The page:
- You are confusing the 20% number's relevance to the point you are making. The 20% number came from the simple fact it is the increase in GOOG revenue that came from the SmartASS advance/upgrade to GOOG's technology - as shown in slide PDX 46, and used in PDX 47. The 20% number is what created the "$451,190,903" number. Slide PDX 47 shows $493,093,718, as opposed to $451,190,903, simply because there was an adjustment to VRNG's calculations when they received corrected/updated revenue data from GOOG to apply the equation in PDX 47 of "20% x 3.5% = ".
    9 Nov 2012, 06:55 PM Reply Like
  • Centurion,

     

    It is often difficult to explain calculations via text like this, but I will do my absolute best.

     

    The numbers below are what Vringo calculated as being owed for past infringement going back to 2005. Where did these numbers come from? They said that Google's add revenue increased by 20% to >40% and suggested 20% to be used to be conservative. The 3.5% is their suggested reasonable royalty of that 20% increase.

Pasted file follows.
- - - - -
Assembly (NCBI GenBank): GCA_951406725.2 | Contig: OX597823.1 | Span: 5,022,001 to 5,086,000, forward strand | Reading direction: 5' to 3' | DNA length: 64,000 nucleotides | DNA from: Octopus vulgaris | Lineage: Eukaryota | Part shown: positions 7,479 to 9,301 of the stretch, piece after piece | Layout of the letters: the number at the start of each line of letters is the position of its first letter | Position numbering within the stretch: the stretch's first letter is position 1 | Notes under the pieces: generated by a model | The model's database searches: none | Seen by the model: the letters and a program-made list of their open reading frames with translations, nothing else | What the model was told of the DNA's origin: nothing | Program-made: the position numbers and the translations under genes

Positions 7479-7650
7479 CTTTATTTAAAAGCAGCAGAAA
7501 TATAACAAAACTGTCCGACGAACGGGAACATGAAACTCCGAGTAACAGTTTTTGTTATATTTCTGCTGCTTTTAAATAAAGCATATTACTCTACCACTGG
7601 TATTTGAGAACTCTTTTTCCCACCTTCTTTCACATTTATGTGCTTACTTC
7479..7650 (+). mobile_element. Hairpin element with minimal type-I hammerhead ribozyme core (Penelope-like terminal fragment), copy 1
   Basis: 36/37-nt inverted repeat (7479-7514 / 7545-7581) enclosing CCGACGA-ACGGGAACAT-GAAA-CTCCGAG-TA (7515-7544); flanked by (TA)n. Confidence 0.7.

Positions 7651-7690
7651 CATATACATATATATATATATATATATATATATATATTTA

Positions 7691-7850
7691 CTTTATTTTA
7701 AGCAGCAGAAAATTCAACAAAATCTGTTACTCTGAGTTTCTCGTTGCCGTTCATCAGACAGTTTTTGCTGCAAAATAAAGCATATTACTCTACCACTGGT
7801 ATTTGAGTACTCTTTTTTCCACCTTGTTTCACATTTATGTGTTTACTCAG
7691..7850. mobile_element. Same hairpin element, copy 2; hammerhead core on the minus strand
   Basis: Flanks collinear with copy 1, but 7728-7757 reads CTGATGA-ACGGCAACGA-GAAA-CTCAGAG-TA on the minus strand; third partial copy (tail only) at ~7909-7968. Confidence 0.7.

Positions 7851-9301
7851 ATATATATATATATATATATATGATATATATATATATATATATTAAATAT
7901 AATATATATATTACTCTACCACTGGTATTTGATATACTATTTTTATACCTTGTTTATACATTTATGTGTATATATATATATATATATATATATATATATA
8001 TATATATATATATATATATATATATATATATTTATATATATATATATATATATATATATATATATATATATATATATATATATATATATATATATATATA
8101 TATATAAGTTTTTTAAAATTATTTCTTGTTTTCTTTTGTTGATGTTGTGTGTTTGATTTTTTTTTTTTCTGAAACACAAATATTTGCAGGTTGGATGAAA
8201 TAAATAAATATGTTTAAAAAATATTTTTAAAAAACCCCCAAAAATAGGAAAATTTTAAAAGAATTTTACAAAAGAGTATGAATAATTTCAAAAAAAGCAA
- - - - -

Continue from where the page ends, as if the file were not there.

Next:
Google $451,190,903 = 20% x 3.5% x Total Ad Revenue
    AOL $22,693,517 = 20% x 3.5% x Total Ad Revenue
    IAC $18,917,570 = 20% x 3.5% x Total Ad Revenue
    Target $282,380 = 20% x 3.5% x Total Ad Revenue
    Gannet $12,348 = 20% x 3.5% x Total Ad Revenue

     

    So, these values include the 20% deduct already. From here, you, I, or the jury could calculate the total ad revenue:

     

    Google: $451,190,903 / 20% / 3.5% = $64,441,557,570
    AOL: $22,693,517 / 20% / 3.5% = $3,241,938,714
    IAC: $18,917,570 / 20% / 3.5% = $2,702,510,000
    Target: $282,380 / 20% / 3.5% = $40,340,000
    Gannet: $12,348 / 20% / 3.5% = $176,400

     

    I would like to reemphasize that these reasonable royalty values calculated by Vringo use 20% and that 20% is now built into that number. By multiplying it by 35%, you are then including 20% AND 35%.

     

    Also, please notice that you are incorrect in your $451,190,903 vs $493,093,718 explanation. You are speculating and stating it as fact. Want to know the real explanation?

     

    $451,190,903 + $22,693,517 + $18,917,570 + $282,380 + $12,348
    = $493,093,718